Maple blueberry syrup is an incredibly simple, three-ingredient recipe that brings an extra burst of flavor to breakfast and brunch. This semi-homemade blueberry maple syrup is sure to be a family favorite.
This maple blueberry syrup is the same syrup featured in this recipe for blueberry cornbread waffles. In my humble opinion it's so good that it warrants its own post.
You'll be hard-pressed to find me complaining about pure maple syrup on pancakes and waffles. My preference is to not even top them with butter - just maple syrup. Maybe a shake or two of ground cinnamon.
I've seen flavored maple syrups in stores before, but usually they're on the pricy side and I worry I'd get tired of whichever flavor it was before using up the bottle. That leads to fridge clutter, which is my arch nemesis in the kitchen.
With this homemade maple blueberry syrup you can make just enough syrup to last for several breakfasts, and easy replenish your stash in under ten minutes.
It's hard to have a more streamlined recipe ingredient list than this, considering the title gives away two out of three of them.
The base of this syrup recipe is maple syrup. Pure maple syrup please, not artificial. One-third of a cup sets the stage for a delicious maple base, all the while allowing the other big flavor to shine through.
Compared to artificial maple syrups, pure maple syrup is absolutely more expensive. There's no getting around that trade-off, but the flavor is SO so worth it.
Nothing about this post is sponsored (FYI), but I've found the most affordable pure maple syrup to be at Costco. In my experience one liter of syrup is less than $11 and it's organic, to boot. Priced out that quantity would cost twice as much at my local large conventional grocery store chain.
That other flavor? It comes from fresh blueberries. This recipe is wonderful for using up fresh berries that are a little past their prime. They get mashed up so a wrinkly texture will go completely unnoticed.
The last ingredient is vanilla extract. While it's not absolutely essential, it adds an extra bit of flavor that meshes well with the maple and fruit flavors. It's a welcome addition to blueberry chia jam, which is another ultra easy recipe to make with fresh blueberries on the verge of being overripe.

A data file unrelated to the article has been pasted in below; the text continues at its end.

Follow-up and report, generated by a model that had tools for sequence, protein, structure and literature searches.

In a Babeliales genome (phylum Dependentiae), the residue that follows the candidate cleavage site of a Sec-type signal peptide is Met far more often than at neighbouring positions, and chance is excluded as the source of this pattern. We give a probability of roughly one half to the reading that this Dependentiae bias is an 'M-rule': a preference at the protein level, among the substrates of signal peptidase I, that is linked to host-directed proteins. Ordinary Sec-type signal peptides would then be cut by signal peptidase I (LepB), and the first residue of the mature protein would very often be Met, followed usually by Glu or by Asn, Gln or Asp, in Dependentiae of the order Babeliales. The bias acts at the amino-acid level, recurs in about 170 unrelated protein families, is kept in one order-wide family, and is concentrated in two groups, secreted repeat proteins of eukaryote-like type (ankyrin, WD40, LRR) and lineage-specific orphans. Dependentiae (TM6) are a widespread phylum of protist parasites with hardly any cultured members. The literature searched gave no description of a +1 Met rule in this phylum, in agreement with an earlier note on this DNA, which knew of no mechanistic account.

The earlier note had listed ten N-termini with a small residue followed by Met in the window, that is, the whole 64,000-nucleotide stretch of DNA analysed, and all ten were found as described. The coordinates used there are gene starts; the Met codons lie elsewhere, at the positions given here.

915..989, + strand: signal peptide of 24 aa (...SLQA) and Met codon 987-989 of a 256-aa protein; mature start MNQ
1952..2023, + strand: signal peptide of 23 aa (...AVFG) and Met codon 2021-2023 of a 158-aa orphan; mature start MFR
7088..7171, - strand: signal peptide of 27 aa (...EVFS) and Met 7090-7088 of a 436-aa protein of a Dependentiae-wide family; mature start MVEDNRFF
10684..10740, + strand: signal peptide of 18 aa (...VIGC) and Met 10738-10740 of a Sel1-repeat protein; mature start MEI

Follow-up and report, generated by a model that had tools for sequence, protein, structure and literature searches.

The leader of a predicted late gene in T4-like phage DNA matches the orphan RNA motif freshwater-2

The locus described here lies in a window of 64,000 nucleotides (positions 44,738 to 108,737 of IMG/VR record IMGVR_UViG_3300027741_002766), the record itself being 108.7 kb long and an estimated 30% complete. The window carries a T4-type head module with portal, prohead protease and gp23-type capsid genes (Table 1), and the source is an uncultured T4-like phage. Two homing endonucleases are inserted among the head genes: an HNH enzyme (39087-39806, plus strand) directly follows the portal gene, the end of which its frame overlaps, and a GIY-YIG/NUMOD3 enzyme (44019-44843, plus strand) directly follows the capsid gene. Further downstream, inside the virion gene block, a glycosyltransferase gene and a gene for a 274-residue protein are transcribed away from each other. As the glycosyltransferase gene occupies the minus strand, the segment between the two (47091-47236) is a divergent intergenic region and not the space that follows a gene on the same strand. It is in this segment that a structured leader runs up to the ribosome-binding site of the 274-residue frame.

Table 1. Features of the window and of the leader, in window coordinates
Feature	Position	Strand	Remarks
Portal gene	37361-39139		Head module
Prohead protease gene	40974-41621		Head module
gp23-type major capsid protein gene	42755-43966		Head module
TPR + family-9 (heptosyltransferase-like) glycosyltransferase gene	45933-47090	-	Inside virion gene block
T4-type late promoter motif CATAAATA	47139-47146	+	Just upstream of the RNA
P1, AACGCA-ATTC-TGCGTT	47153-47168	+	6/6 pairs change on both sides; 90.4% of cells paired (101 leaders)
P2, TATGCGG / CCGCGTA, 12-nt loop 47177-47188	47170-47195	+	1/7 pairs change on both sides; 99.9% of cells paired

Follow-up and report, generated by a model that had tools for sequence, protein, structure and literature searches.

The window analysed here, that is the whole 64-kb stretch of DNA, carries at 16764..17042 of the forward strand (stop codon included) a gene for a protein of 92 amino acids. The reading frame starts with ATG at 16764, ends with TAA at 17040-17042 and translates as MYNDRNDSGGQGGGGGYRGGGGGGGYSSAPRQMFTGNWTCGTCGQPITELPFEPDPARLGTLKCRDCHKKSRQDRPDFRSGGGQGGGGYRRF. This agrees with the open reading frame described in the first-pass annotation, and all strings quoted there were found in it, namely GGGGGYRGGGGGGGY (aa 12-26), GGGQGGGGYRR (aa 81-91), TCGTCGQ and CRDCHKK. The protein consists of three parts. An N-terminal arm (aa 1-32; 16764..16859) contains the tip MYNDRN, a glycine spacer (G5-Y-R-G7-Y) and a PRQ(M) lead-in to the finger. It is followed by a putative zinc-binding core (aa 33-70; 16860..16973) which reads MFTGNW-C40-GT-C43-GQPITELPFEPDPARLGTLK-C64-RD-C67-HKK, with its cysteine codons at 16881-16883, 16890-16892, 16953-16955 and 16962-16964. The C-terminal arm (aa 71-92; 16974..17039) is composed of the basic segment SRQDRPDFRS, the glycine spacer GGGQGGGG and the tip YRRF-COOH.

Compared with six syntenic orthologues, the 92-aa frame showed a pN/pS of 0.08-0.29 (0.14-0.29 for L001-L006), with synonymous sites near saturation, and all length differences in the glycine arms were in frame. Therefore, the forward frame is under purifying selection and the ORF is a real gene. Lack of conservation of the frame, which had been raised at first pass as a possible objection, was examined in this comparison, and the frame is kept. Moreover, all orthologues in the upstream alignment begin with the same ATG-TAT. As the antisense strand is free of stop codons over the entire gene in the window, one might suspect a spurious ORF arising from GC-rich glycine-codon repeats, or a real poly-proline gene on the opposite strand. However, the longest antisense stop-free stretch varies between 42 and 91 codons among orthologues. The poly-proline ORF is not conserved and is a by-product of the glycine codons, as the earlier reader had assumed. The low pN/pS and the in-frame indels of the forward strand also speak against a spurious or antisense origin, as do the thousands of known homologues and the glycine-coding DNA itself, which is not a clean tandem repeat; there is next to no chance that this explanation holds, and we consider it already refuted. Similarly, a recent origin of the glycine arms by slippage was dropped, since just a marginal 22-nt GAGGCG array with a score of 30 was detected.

Easy recipe steps
It bears repeating from before - this process is so easy, it almost doesn't count as a recipe recipe.
You'll start with adding the maple syrup and blueberries to a saucepan set over medium heat. Let everything get bubbly for a few minutes, then remove the saucepan from the heat.
Add the vanilla extract and mash up the blueberries. They don't have to be 100% broken up and smooth. In fact I like to leave some texture because it makes this syrup take on a blueberry compote like vibe.
This blueberry syrup will continue to thicken as it cools, and can be stored in the refrigerator for breakfasts to come.
Classic breakfast dishes where you'd use straight-up maple syrup are an obvious pick, like pancakes, best ever whole wheat waffles, and french toast, but this maple blueberry syrup also works for a variety of snacks and other desserts.
On the healthier side, try stirring it into oatmeal or yogurt for a fruity burst of natural sweetness.
And as for desserts? I took it upon myself to experiment with it drizzled over a scoop of vanilla bean ice cream and, oh man. That was good.
- This is a great recipe for using up blueberries that are a little bit wrinkled and past their prime.
- With the quantities written below, this syrup recipe is relatively small batch, yielding about six two-tablespoon servings. It can easily be doubled, tripled, etc. in line with your needs.
Maple Blueberry Syrup
- ⅓ cup maple syrup
- ¾ cup blueberries
- ¼ teaspoon vanilla extract
- Add maple syrup and blueberries to a small saucepan set over medium heat. The syrup will begin to bubble as it heats. Let syrup bubble for a 5-6 minutes, stirring occasionally.
- After 5-6 minutes, remove the saucepan from heat and add vanilla extract. Mash blueberries with a fork, the back of a wooden spoon, or a potato masher. The mixture will be a deep purple color, and it isn't necessary for it to become 100% smooth.
- Store syrup in the refrigerator.
Nutritional information is provided as an estimate. As it can vary due to many factors (brands used, quantities, etc.), we cannot guarantee its accuracy.Food Safety and Nutrition Disclaimer